The U.N.'s nuclear watchdog says Japan can release nuclear waste water into the ocean
MANILA, Philippines — The International Atomic Energy Agency has approved a plan by Japan to release more than a million tons of treated nuclear waste water from the destroyed Fukushima power plant into the ocean, despite vehement international opposition.
In a report released Tuesday, the IAEA said it has concluded after a two-year assessment that the plan is "consistent with relevant international safety standards" and that while societal, political and environmental concerns have been raised, the discharged water "will have negligible radiological impact on people and the environment."
IAEA Director General Rafael Mariano Grossi traveled to Tokyo to present the findings to Japanese Prime Minister Fumio Kishida. During a press conference, Grossi said the United Nations' nuclear watchdog would monitor the discharge from on-site.
"This will ensure the relevant international safety standards continue to be applied throughout the decades-long process laid out by the Government of Japan and TEPCO [Tokyo Electric Power Company]," Grossi told reporters at the Japan National Press Club on Tuesday.
The plan was first presented in 2021 by Japan's government, its Nuclear Regulation Authority and TEPCO, the operators of the destroyed Fukushima Daiichi Nuclear Power Station. All of them maintain that the process is safe.
The water, which was used to cool the fuel rods of the plant in 2011 following meltdowns in three of its reactors, will be treated and released into the Pacific Ocean over the next 30-40 years. The disaster was caused by tsunami waves triggered by a magnitude 9.0 earthquake.
Japan has not yet said when the water release will begin, as it was waiting for approval from the IAEA.
The plan has drawn significant criticism from the scientific community, with many scientists saying they are not convinced by the Japanese government and TEPCO's assertions that it is safe — that the treated wastewater will be essentially diluted in the ocean.
Robert Richmond, a biologist with the University of Hawaii and one of the five experts commissioned by the Pacific Islands Forum to study the plan, said scientists in Japan have not provided enough evidence that harmful elements won't be released into the ocean.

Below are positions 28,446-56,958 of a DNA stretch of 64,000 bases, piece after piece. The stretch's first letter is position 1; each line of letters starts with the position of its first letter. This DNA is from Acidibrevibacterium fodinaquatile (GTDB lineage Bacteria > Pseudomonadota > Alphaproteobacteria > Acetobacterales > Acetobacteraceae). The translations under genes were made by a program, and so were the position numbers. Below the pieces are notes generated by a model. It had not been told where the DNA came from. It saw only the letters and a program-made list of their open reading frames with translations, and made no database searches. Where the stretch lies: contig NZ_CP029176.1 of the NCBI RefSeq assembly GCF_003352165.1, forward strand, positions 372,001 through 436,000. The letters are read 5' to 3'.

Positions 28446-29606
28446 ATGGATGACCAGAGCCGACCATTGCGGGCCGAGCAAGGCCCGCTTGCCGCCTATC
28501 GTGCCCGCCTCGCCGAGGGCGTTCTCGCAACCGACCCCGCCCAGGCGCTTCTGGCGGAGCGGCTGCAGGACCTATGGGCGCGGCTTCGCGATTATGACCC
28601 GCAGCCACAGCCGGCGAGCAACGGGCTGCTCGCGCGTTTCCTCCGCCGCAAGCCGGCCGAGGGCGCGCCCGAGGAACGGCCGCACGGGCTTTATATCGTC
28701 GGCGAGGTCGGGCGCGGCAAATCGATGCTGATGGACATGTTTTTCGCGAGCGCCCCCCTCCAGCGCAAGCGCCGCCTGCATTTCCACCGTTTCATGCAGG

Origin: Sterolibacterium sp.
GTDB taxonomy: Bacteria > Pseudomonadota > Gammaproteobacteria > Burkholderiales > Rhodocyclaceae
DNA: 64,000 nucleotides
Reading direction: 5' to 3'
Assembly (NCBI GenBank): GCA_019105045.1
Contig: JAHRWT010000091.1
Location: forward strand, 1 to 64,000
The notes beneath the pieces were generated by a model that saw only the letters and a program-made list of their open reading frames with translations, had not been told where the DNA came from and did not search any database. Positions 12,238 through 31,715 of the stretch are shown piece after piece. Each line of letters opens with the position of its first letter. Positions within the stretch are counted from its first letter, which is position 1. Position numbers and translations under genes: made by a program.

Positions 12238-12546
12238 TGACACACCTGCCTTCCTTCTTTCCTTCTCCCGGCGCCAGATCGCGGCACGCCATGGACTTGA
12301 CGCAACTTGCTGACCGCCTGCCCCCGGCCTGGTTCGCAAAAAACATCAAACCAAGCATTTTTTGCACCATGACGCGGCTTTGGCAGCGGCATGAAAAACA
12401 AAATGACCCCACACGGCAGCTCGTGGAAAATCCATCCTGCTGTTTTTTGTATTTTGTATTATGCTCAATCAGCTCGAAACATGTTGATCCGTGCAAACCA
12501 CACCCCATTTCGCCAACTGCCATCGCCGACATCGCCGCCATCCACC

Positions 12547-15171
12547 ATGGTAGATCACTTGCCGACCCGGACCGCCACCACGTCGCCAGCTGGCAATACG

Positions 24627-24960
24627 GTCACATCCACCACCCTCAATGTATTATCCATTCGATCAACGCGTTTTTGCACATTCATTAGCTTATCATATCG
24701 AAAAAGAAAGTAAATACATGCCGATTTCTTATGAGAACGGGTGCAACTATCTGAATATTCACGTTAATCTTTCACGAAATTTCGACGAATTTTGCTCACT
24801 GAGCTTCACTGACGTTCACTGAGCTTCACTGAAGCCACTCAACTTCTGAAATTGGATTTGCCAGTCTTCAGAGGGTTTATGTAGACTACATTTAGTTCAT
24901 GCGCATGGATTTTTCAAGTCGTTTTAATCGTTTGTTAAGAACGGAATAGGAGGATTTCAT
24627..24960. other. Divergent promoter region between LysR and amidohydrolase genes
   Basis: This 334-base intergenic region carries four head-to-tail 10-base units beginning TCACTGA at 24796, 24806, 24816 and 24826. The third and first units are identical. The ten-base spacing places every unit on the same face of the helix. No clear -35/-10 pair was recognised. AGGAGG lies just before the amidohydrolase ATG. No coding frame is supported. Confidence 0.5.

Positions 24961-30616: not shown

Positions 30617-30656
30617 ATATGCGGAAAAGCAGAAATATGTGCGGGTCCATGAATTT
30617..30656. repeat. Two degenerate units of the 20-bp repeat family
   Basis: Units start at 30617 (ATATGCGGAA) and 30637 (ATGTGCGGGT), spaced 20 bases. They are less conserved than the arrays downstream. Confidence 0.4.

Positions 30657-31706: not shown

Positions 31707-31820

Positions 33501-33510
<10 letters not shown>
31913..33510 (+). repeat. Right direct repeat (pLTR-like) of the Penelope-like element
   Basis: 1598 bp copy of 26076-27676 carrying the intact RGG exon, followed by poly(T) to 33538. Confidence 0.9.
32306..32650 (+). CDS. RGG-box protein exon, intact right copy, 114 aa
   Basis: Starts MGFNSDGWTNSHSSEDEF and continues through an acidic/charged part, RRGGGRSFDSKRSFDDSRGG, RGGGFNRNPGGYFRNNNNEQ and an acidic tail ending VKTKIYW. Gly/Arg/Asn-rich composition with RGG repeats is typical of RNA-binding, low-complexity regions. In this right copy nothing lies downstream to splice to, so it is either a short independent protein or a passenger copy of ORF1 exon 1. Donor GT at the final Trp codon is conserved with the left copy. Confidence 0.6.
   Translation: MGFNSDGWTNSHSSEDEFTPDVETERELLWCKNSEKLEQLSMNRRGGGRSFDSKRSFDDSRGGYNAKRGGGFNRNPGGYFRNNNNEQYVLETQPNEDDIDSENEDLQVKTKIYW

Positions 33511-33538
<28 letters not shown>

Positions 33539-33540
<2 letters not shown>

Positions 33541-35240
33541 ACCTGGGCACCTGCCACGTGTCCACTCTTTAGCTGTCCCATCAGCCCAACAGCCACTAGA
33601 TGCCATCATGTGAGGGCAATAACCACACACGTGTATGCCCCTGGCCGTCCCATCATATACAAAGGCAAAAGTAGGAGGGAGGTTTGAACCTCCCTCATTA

"There are major gaps in the critical information that's necessary for us to make the final determination," said Richmond, who notes that the panel has raised this and other issues with the Japanese government, but to no avail.
He says this is problematic because harmful elements can bind to the ocean sediment and living organisms, potentially damaging their DNA and causing mutations. "We are unanimous in our view that this has not been proven to be safe," Richmond says.
The plan has also drawn criticism both domestically as well as internationally, from neighboring countries such as South Korea, the Philippines and China. Their argument is that this is a transboundary issue — that waste water released by Japan is not going to just stay in and around Japan.
"I would like to stress that Japan's release of treated nuclear-contaminated water from the Fukushima plant concerns the global marine environment and public health, which is not a private matter for the Japanese," Chinese Foreign Ministry spokesperson Mao Ning said earlier this year.
Further afield, many Pacific Island nations and their residents have also voiced full-throated opposition, citing a threat to their livelihoods and ocean way of life. Meanwhile, many across the Pacific say the waste water release plan is a continuation of the Pacific's traumatizing relationship with nuclear technology and harkens to a past when larger powers used their islands — and their people — as collateral damage to further their nuclear ambitions.
Bedi Racule, a nuclear justice advocate based in Fiji, says she was shocked when she found out about Japan's nuclear waste release plan because she thought nuclear issues were part of the past. Racule is from the Marshall Islands, where the United States tested nearly 70 atomic bombs over 12 years — including Operation Castle Bravo in 1954, the first test of the hydrogen bomb.
"[The shock] has been a really common experience for young people in the Pacific who often don't realize even how many tests were done in the Pacific, the ongoing health and environmental impacts and how nuclear colonialism continues today through the development of nuclear power and nuclear weapons," she said.
However, not all Pacific island nation leaders are against the plan. The leaders of Micronesia and Papua New Guinea have recently come out in support of it, citing trust in the Japanese government to uphold safety regulations.
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